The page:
Tuesday, August 30, 2011

Why I Didn't Become a Surgeon

Every medical student goes though a process of elimination when deciding what kind of doctor they want to become. We hear the old saying, "Internists know everything and do nothing; Surgeons know nothing and do everything; Psychiatrists know nothing and do nothing; Pathologists know everything and do everything but it's too late." We hear that pediatricians wear bow ties, are short, and love to laugh and play; that surgeons are decisive but arrogant; that proceduralists are "scoping for dollars", that orthopedists have long hairy arms that reach to the floor, that family doctors are the best balanced, etc. There may be grains of truth in the medical school palaver, but I think we decide both based on our experiences during medical school and our own personality (plus the need to repay school loans).

The first case I ever scrubbed in on was an open heart procedure back in 1963. The unfortunate patient had severe aortic stenosis (narrowing of the valve) in the days before artificial valves were invented. Having changed into my scrubs, put on my cap, paper booties and scrubbed in, I meekly entered the inner sanctum of the OR. The head nurse spotted me and immediately barked, "Here take this gown, go stand in the corner and don't do anything until I tell you."

Other staff came in and one by one put on their gown and gloves. This is a little tricky because you can't touch anything, otherwise you're contaminated. As you might suspect, I put my gown on wrong, was barked at again but given a second chance. Finally I was at the side (almost the foot) of the operating table, trying to peek around the two residents assisting the thoracic surgeon. A huge incision was made, a blade much like a small hoe inserted and the handle given to me, "Here, here's your job. Keep pulling on this so I can see. Harder!!"

The left ventricle was punctured bluntly and a curved blade-like instrument inserted up through the aortic valve in attempts to open it up. There were dense calcium deposits so the going was tough. After several tries, the operation was completed, bleeding controlled, and the patient sent back to the surgery floor.

Almost immediately the patient had low blood pressure and a slow heart rate - not good signs. I was asked to sit at the bedside and administered a levophed drip to try to keep him going. He died at about 3AM. At the autopsy, it was found that the wall between the left and right ventricle was punctured, not the aortic valve. I don't know what the surgeon felt. He was the author of the major textbook on thoracic surgery and the author of many papers. This was in the very early days of heart surgery and it had to start somewhere I suppose, but it didn't make me want to be a pioneer.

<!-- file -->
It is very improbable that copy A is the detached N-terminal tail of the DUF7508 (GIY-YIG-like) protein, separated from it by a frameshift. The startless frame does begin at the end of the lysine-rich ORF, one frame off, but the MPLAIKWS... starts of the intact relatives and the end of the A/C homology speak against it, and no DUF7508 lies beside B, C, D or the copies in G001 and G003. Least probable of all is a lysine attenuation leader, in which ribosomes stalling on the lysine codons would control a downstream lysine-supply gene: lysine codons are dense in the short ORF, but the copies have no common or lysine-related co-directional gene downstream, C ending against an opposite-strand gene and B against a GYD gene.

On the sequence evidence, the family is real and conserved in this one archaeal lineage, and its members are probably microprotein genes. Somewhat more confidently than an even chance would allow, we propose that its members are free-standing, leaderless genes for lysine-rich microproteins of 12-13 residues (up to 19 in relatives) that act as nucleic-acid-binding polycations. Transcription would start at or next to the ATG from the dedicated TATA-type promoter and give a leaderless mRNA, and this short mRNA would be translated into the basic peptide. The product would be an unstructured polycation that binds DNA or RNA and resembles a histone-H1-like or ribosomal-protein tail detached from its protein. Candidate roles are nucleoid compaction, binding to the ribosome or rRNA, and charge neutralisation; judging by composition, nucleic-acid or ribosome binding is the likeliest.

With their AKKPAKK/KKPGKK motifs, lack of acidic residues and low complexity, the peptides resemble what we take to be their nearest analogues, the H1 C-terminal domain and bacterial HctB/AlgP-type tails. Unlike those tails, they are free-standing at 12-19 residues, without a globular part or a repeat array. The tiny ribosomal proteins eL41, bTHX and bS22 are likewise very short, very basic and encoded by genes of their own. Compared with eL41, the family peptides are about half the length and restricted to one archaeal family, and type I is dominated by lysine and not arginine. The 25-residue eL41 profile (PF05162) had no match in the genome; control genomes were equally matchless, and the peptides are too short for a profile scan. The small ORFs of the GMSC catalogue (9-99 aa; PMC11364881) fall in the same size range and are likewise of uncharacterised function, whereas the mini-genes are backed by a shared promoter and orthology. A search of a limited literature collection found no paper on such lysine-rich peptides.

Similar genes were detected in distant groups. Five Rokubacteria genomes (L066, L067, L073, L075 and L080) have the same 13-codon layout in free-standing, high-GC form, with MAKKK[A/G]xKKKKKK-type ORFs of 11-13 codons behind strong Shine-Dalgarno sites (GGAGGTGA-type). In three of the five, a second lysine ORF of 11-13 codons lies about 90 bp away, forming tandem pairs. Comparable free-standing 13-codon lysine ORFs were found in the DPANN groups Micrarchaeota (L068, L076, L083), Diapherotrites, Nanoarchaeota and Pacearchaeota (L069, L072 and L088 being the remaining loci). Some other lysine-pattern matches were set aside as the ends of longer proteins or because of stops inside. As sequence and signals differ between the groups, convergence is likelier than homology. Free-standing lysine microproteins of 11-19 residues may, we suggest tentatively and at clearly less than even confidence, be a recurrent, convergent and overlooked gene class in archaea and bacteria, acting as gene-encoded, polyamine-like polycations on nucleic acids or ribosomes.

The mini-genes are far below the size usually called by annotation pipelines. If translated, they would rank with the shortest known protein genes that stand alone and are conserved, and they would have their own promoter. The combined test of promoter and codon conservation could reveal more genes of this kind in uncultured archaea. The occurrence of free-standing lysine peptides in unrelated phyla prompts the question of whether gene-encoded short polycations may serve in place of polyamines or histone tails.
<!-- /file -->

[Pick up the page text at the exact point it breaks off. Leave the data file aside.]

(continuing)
The pace of the surgical service was amazing. The chief would arrive at 6AM and expect the residents to give him full report on the status of the patients. He would be in the OR from 7 to 9AM, then off to a breakfast with the University Regents. There was a pecking order and pyramid system for the surgical residents' survival. It was very difficult to survive this structure to become a chief resident.

After all this, I chose Internal Medicine and ultimately more training in Infectious Diseases, Pulmonary and Critical Care Medicine. Strangely, the intensity of the ICU isn't that different from the operating room. But in the OR, there is only one leader. You don't break for a conference or try to reach a team consensus. The surgeon is expected to know what to do, to do it well, and to do it fast (better outcomes with less time under anesthesia). As a nurse said, "The surgeon is like a god in the OR".

But surgery is changing. I walked into the ICU to see a post-op consult in recent years, and asked the "nurse" what the vital signs were and her assessment. She kind of smiled and said, I'm the new Urologist and just created an artificial bladder for this patient with bladder cancer. I profusely apologized for my gaff and she let me off gently. In fact at the nurse's desk later, I asked her to explain the surgery. She replied, "It's just sewing. You take a piece of colon, make a pattern, stitch it all together, plug in the ureters from each kidney, and voila!"

Well, although you might see why I didn't become a surgeon, I hope you understand that I have great respect and awe for their arduous training, for their skills, and stamina, and, yes, guts.